So many of the resources available about elearning seem to be directed primarily at organizations (especially for-profits) with a large training staff that it’s hard to implement much of what they do — couldn’t we do so much more with bags of money and rooms full of learning specialists?
So what do organizations serving large numbers of members on the backs of one or two staff members do to accomplish their goals? And how do they do it with a tight budget and high urgency for producing timely training?
This is the learning version of a perfect storm. So much to do, so little time and even less money.
The good news is that we’re not alone in this — others have faced the same challenge and emerged with successful learning offerings.
For example, one of the ASTD 2009 BEST Award winners is VF Asia Limited, a business unit of VF Corporation. Even though VF Corporation is the largest apparel company in the world and owns such brands as Lee, Wrangler, North Face, Jansport, and Nautica, VF Asia is a small unit of fewer than 800 employees and an education staff of two, Tommy Lo and Tom Nelson.
How did they accomplish their goals? Here are a few take-aways from their experience:*
1. They had a clear plan. They recognized early on that they couldn’t reach their goals with a piecemeal approach. They devised a set of four learning areas, then identified learning topics within them that were appropriate to each employee level.
— What’s your plan? No excuses! No time to develop one, you say? How about setting aside one hour of uninterrupted time each day to devote to it until it’s workable? How about 30 minutes a day? Put all calls through to voice mail, and close your office door. Make this the priority it should be. After all, how can you steer the ship if you don’t know what course you’re on?!? (Looking for help? “aLearning: A Trail Guide to Association eLearning” was written just for this purpose — it will walk you step-by-step through the process. Click the blue “Buy Now” button on the left to see more information about it.)
2. They based their curriculum on real business needs. For example, one initiative was launched to reduce staff turnover. By providing training to improve interviewing techniques, the unit saw a significant increase in retention and — as a bonus — shortened the lead time for filling vacancies.
— What drives your members’ business? How can you help them improve their business performance?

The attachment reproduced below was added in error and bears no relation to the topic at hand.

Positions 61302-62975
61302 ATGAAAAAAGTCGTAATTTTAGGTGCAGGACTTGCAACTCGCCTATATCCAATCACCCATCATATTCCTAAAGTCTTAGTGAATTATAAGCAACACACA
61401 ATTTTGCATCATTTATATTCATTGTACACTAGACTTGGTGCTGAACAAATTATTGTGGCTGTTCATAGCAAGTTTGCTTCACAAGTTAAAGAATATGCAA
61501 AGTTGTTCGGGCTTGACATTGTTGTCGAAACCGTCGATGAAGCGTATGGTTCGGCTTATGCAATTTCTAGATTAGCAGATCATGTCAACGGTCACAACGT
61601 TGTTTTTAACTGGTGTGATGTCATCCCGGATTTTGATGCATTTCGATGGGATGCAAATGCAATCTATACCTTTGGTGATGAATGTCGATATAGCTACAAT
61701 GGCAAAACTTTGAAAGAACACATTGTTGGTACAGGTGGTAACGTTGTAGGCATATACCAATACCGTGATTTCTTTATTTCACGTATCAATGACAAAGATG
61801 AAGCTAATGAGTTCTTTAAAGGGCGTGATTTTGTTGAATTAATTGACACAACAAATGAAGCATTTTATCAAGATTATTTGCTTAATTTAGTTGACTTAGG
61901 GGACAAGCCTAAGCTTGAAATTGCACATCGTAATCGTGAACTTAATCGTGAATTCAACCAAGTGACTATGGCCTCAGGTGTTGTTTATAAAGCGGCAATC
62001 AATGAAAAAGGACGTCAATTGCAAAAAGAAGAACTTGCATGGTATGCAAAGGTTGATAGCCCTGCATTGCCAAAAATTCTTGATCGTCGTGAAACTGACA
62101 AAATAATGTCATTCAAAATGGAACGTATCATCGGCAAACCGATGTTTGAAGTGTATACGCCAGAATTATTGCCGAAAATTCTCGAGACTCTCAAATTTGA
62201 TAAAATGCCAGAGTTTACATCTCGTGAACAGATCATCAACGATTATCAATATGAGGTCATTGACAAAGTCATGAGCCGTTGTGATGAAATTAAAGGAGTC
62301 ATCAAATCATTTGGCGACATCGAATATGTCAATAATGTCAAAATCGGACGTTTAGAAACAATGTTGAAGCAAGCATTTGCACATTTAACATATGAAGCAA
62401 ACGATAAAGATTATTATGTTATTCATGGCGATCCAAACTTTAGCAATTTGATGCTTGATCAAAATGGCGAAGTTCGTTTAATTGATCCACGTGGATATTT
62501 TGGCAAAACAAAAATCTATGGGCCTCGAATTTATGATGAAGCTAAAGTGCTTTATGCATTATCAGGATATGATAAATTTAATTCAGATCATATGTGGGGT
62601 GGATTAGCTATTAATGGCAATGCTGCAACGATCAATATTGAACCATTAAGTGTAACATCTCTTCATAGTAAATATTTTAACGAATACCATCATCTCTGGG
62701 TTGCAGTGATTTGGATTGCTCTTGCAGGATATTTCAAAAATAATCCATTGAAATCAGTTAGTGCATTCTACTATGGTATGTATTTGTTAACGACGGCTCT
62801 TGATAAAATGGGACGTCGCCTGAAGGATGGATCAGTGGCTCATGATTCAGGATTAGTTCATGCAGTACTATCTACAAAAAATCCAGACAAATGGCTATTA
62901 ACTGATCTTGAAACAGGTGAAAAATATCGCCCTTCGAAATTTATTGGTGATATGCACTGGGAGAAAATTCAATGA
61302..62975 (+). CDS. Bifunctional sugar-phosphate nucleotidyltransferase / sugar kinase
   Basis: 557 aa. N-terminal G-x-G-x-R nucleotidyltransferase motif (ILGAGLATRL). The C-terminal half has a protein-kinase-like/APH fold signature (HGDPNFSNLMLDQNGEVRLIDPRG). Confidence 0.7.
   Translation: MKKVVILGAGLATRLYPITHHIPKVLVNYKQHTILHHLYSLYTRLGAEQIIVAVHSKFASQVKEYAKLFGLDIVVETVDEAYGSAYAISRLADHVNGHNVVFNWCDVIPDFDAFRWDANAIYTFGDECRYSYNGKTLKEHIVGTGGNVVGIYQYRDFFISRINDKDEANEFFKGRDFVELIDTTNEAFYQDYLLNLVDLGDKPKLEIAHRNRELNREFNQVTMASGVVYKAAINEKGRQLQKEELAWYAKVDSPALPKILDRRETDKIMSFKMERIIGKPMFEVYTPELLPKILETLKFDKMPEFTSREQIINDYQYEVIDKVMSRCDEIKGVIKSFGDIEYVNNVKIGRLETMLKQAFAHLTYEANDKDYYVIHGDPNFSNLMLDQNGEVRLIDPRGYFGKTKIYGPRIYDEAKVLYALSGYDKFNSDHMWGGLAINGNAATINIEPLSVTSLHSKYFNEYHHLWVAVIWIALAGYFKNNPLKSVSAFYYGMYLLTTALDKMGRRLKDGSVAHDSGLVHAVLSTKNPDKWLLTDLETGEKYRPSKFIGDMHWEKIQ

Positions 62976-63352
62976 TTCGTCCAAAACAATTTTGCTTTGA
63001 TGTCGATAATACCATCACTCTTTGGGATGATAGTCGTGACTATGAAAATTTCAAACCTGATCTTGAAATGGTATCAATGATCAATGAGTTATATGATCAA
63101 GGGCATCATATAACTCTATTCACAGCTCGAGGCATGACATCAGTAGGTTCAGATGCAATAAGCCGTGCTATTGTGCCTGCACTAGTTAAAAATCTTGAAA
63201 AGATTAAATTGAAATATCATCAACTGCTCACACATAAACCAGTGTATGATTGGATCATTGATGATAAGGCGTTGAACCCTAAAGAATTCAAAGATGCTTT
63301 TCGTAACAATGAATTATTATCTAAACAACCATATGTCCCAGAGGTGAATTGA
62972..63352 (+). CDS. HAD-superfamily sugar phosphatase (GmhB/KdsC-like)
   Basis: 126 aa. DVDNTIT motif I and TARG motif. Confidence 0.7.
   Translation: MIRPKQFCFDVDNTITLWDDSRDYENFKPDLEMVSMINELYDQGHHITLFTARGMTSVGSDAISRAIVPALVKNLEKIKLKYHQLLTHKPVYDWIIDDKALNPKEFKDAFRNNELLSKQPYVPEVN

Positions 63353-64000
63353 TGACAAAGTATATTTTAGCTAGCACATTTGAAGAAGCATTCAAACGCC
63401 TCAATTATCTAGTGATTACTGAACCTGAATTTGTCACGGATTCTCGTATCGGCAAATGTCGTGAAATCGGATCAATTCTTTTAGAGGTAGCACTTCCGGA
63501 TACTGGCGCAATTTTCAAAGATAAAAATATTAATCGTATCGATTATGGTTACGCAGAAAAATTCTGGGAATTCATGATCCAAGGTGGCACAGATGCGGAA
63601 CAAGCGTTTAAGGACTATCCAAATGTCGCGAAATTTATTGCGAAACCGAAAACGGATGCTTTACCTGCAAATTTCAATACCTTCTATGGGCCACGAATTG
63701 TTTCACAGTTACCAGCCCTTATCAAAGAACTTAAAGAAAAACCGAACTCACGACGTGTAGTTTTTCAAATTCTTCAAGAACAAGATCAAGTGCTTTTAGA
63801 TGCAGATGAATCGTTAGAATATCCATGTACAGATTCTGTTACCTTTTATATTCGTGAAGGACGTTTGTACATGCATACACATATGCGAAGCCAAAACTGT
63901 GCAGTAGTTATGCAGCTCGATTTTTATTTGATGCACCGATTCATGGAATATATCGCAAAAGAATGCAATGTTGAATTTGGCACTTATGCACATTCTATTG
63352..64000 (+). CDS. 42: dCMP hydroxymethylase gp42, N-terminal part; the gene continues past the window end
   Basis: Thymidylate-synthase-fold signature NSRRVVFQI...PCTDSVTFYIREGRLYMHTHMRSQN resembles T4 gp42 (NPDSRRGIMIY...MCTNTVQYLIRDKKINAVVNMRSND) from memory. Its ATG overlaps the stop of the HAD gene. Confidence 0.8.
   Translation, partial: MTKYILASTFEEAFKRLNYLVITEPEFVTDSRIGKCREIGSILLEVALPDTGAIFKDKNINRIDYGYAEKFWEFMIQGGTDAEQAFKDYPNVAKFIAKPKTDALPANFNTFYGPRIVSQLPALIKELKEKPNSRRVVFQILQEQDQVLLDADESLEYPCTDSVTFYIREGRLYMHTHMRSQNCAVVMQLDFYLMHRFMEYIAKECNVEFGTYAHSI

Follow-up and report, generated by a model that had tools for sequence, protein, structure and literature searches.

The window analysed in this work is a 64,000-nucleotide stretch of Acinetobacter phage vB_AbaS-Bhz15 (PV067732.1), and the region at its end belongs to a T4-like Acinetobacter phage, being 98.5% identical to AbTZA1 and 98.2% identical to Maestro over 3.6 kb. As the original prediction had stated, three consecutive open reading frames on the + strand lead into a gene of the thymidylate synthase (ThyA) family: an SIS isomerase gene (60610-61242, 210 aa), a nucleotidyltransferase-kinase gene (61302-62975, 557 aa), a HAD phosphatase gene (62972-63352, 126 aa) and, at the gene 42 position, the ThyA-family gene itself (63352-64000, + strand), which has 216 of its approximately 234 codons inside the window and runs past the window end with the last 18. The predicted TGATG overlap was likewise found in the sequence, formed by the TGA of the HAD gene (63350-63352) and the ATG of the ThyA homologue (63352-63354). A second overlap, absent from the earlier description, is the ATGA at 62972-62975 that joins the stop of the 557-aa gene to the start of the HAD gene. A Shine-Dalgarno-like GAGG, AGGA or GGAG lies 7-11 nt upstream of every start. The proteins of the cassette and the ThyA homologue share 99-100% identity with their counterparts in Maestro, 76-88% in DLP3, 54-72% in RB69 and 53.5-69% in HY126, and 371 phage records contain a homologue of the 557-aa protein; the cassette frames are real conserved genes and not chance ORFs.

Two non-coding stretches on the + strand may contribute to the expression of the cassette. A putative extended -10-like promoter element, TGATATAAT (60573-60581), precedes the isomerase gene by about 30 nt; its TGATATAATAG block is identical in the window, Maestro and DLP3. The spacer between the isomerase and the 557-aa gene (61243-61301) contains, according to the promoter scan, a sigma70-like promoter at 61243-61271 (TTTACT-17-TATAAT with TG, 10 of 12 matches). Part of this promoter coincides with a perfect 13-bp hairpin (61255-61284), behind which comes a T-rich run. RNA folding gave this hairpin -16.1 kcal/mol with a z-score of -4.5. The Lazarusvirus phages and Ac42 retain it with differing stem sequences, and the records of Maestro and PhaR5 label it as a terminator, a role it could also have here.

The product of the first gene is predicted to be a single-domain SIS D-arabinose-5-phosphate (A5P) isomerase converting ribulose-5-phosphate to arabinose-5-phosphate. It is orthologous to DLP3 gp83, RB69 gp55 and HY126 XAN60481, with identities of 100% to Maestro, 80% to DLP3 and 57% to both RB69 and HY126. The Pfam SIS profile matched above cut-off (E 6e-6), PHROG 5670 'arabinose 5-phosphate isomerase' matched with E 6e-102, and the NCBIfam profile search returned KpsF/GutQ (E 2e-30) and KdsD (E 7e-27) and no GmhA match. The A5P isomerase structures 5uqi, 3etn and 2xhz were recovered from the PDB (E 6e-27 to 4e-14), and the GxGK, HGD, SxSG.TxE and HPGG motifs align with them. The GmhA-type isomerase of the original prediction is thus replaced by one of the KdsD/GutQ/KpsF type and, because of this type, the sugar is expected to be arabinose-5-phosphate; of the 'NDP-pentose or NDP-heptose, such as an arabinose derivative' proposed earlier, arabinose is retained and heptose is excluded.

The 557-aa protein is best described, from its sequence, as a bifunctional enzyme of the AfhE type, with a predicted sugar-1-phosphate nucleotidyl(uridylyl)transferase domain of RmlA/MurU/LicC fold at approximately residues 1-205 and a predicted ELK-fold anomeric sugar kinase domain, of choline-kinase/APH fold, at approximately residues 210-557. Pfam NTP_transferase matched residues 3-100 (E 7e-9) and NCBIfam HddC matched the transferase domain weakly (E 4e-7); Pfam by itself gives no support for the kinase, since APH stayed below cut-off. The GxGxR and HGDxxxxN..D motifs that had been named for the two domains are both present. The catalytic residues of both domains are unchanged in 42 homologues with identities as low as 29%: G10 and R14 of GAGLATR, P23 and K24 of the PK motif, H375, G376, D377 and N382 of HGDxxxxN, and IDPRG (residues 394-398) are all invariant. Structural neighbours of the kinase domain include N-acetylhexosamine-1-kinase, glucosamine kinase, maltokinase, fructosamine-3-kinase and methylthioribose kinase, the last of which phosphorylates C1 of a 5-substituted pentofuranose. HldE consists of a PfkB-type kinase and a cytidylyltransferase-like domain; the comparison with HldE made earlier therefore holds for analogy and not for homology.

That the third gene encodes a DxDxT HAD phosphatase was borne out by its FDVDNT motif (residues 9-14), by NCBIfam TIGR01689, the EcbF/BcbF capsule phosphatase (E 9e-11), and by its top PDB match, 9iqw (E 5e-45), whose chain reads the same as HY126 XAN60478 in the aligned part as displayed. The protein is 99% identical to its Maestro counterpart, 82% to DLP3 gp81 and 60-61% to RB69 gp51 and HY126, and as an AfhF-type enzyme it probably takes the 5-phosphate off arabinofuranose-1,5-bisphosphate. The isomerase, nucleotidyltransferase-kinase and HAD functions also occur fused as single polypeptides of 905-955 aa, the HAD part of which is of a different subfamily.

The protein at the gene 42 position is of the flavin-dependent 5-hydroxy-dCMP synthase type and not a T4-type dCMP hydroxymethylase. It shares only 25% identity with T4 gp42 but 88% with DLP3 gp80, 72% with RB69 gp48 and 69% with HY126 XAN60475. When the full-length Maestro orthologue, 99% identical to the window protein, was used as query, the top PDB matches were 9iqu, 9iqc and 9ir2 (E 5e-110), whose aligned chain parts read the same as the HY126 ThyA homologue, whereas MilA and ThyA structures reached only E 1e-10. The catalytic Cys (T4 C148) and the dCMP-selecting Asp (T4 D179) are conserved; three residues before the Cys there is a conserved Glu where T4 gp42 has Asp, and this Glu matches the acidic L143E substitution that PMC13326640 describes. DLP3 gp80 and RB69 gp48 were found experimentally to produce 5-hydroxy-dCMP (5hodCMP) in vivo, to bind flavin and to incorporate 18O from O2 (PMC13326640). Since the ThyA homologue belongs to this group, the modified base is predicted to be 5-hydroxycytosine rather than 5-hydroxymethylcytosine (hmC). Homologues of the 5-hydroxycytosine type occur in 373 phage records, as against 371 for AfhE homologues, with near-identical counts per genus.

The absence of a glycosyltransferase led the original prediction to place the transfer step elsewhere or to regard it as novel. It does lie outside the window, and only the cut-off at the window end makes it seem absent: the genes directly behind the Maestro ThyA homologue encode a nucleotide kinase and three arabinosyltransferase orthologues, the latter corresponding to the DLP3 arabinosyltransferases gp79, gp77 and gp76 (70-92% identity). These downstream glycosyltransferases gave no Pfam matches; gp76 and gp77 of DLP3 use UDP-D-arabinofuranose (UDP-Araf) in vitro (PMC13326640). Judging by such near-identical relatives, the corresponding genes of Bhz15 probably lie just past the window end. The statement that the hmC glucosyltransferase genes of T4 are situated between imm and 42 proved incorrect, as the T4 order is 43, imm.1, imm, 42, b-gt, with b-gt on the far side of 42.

— What drives your association’s success? What puts that success at risk? Is there a training need that you could address that would alleviate that risk?
3. They leveraged elearning to make topics available at the convenience of the employees. They produced inexpensive, online tutorials to cover a range of general topics.
— Is your mix of learning modes as efficient as it could be? Are you devoting too much time to live event development when you could be developing elearning that would reach a wider membership group and garner more revenue?
— Can you identify a group of topics for development outsourcing — making your development dollar per vendor go farther?
4. They partnered with the corporate learning function to benefit from their existing offerings and development expertise.
— Have you adequately identified the skill sets available among your volunteers and other potential partners to leverage their help in developing face-to-face and elearning offerings? For example, do you have a member with a Web conferencing license and experience using it who’s willing to host or produce your Webinars for you, rather than your hiring an outside vendor and paying them to do so?
— Have you investigated partnering with a local college or university to develop alearning? Have you sought out Web development and graphic artist students who would be willing to develop tutorials or short elearning to enhance their resume and portfolio?
— What other partnerships would enable you to hand over some time-consuming but important tasks or to bring in expertise you need?
5. They track and measure all key indicators. They can tell you how many training hours employees in their units devoured in a year, for example. They have even devised a “training effectiveness index.”
— Have you defined the most important metrics for your learning offerings? What are they? Are you currently measuring them? If not, why not? What needs to be put into place to start?
— Are you using your LMS (if you have one) to garner the metrics you need? Why not?
— If you don’t have an LMS, what simple database or spreadsheet could you implement to provide the tracking you need? Who — other than you — could be tasked with keeping the data up-to-date?
The bottom line is this: you need to make the most of what little time you have (and whatever staff you have). Period.
(For more on managing your time, see the post on The Best Resolution You Can Make.)
*For the details, please see the October 2009 issue of T+D.